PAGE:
• $14,000 to Homebound Meals to provide nutritional meals to homebound individuals who are unable to prepare their own meals due to age, illness, or disabilities.
  • $12,000 to Children's Hope to provide families with a place of comfort and respite while they care for children who need intensive care and urgent medical attention.
  • $10,000 to Healthier Moms and Babies to provide monthly home visits to pregnant women with physical and psycho-social risk factors that make premature delivery likely.
  • $10,000 to Mustard Seed Furniture Bank of Fort Wayne to provide household furnishings to families and individuals who are rebuilding their lives after suffering a disaster, personal tragedy, or other misfortune.

About Lincoln Financial Foundation
The Lincoln Financial Foundation, established in 1962, is the charitable giving arm of Lincoln Financial Group. Under Lincoln Foundation guidelines, grants are made in the areas of arts/culture, education/workforce development, and human services. Lincoln Financial sets aside up to 2% of its pre-tax earnings for charitable causes that support philanthropic endeavors in the communities where its employees work. The Lincoln Foundation allocated almost $3 million to support nonprofits in the greater Fort Wayne area in 2008. Since 1962, the Lincoln Foundation has contributed nearly $82 million to Fort Wayne nonprofits. Lincoln Financial Group is listed on THE BCA TEN 2006: Best Companies Supporting the Arts in America sponsored by the Business Committee for the Arts.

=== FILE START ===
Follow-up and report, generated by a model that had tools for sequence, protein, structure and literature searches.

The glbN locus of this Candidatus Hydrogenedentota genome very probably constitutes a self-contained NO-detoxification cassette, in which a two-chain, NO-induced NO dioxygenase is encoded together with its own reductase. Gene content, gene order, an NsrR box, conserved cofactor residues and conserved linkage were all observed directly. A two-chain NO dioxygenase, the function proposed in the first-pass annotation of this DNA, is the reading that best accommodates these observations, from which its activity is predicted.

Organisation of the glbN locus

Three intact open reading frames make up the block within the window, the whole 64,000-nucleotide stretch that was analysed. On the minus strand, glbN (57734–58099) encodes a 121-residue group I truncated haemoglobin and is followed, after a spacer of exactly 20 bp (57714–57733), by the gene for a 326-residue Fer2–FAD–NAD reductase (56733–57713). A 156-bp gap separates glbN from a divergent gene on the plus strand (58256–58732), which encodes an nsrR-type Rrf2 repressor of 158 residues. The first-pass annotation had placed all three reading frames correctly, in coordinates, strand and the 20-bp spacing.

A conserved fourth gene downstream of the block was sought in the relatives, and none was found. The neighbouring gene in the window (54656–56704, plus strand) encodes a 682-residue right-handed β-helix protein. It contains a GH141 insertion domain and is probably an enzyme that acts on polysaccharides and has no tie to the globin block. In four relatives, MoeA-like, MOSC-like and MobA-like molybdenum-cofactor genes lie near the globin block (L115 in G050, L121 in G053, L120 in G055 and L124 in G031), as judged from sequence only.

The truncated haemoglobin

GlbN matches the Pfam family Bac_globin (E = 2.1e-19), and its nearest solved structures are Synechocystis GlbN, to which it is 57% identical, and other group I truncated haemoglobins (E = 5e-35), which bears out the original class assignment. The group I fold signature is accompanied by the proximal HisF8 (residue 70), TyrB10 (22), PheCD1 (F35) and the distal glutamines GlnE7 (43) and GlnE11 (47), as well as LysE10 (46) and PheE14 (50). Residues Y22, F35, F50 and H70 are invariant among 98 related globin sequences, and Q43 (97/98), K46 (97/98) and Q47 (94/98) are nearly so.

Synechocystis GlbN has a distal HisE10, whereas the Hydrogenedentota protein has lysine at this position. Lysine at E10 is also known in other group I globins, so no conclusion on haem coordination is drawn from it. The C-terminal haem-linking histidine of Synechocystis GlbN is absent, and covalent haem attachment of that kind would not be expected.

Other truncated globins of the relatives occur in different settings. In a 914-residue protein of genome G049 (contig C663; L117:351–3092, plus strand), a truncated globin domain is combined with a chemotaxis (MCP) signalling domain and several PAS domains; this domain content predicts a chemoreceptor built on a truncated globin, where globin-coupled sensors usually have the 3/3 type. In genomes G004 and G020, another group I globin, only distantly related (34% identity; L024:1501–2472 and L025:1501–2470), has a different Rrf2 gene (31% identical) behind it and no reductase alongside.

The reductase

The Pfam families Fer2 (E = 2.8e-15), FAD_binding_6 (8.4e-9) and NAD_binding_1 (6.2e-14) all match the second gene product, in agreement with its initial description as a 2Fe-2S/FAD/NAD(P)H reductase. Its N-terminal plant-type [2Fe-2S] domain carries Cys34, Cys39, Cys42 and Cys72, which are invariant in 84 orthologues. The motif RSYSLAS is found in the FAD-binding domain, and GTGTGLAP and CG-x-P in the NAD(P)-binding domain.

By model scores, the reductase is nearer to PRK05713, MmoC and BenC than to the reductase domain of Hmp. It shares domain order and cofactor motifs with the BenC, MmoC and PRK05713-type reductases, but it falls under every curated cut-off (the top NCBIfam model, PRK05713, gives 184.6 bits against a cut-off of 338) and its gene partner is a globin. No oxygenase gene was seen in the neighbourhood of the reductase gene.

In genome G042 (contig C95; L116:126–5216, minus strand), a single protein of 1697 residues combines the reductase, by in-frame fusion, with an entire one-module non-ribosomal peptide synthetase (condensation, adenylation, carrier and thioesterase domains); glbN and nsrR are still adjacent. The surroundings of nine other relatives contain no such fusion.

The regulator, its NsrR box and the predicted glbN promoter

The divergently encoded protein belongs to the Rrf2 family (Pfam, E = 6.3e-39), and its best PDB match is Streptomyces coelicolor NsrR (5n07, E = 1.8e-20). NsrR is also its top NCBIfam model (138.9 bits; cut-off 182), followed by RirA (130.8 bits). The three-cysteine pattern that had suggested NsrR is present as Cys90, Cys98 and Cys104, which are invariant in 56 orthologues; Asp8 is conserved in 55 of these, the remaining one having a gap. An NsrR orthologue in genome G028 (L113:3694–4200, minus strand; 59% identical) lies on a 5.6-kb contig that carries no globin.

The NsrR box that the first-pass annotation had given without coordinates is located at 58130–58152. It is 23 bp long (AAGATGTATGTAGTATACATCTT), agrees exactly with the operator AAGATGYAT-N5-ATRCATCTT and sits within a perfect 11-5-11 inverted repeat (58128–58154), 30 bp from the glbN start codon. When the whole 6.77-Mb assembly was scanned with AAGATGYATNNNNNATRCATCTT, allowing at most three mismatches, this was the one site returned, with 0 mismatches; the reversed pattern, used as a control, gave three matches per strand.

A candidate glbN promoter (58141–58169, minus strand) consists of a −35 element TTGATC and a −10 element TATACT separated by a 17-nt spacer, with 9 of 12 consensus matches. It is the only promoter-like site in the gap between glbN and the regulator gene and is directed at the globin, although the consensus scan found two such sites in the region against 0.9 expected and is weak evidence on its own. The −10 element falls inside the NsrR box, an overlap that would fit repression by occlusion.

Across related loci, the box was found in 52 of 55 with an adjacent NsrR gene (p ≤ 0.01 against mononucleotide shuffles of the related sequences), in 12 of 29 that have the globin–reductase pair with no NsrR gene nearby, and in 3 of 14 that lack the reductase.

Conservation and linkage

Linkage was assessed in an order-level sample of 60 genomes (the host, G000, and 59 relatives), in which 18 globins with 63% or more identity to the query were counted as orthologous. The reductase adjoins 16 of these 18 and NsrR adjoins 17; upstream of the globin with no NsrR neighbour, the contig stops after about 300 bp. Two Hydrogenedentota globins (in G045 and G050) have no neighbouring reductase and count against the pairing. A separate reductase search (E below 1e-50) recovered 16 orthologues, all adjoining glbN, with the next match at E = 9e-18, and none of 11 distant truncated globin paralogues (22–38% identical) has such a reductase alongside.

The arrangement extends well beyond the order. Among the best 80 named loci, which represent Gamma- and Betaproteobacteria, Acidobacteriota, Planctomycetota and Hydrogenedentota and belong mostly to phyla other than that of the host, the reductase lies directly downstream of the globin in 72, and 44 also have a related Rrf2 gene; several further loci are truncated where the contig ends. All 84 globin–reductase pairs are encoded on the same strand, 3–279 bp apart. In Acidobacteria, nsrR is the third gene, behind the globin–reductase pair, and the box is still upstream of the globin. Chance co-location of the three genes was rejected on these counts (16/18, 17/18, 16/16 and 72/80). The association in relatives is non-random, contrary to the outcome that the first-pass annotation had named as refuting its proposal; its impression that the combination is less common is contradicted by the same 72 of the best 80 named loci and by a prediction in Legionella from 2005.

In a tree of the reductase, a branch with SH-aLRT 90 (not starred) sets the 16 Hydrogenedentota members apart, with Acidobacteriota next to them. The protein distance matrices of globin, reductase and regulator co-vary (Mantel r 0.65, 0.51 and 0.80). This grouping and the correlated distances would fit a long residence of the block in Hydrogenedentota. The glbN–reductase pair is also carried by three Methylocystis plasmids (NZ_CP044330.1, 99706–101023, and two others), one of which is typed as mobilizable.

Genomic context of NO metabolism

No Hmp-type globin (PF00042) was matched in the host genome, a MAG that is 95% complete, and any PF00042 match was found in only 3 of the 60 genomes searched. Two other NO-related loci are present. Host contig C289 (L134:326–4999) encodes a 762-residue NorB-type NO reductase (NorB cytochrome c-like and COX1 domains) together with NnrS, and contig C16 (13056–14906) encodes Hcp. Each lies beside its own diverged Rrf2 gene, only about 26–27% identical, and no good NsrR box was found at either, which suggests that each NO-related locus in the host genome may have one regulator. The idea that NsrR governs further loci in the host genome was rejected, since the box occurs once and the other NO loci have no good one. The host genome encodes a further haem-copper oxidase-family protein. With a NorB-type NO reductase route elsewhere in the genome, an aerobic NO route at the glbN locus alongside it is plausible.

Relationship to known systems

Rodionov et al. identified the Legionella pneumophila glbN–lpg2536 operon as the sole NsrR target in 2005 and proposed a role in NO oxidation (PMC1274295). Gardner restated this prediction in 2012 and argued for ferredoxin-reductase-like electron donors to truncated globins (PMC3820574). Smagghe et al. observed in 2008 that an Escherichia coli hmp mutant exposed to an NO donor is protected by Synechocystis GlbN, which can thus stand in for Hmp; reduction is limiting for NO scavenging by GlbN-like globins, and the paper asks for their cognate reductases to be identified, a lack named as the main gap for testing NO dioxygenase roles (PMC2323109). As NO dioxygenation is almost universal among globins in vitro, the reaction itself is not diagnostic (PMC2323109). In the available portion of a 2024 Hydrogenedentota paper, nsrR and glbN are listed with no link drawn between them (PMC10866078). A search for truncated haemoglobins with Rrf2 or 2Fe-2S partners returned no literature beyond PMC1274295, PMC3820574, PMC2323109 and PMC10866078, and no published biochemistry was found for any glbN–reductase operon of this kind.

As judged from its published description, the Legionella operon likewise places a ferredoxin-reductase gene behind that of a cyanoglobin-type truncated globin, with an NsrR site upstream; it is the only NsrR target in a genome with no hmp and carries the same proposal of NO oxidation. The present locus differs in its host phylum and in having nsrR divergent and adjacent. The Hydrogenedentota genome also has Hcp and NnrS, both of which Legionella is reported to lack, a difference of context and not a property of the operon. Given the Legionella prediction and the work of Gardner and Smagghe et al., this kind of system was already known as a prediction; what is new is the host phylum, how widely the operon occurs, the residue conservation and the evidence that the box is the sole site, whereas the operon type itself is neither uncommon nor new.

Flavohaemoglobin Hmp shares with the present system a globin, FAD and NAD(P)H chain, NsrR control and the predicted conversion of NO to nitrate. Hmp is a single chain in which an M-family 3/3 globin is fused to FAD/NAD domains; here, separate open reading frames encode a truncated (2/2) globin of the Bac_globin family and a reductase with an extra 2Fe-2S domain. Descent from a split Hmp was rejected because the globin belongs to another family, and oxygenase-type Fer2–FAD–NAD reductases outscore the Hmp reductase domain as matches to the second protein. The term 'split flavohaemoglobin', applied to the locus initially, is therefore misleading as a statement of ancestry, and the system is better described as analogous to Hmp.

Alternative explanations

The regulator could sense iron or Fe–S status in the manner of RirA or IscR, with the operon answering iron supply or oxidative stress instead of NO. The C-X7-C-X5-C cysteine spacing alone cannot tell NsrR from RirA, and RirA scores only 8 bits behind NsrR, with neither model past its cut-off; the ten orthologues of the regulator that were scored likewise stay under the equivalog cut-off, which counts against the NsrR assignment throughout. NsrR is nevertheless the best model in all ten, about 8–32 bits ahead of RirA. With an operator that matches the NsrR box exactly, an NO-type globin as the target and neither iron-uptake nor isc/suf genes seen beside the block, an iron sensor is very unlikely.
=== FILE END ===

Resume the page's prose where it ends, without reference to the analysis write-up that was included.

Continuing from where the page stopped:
About Lincoln Financial Group
Lincoln Financial Group is the marketing name for Lincoln National Corporation (NYSE:LNC) and its affiliates. With headquarters in the Philadelphia region, the companies of Lincoln Financial Group had assets under management of $200 billion as of September 30, 2008. Through its affiliated companies, Lincoln Financial Group offers: annuities; life, group life and disability insurance; 401(k) and 403(b) plans; savings plans; mutual funds; managed accounts; institutional investments; and comprehensive financial planning and advisory services. Affiliates also include: Delaware Investments, the marketing name for Delaware Management Holdings, Inc. and its subsidiaries; and Lincoln UK. For more information, including a copy of our most recent SEC reports containing our balance sheets, please visit www.LincolnFinancial.com.

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For more information:

Media Contacts:
Sandi Kemmish
260 455-3879
E-mail: MediaRelations@LFG.com

Byron Champlin
603 226-5554
E-mail: MediaRelations@LFG.com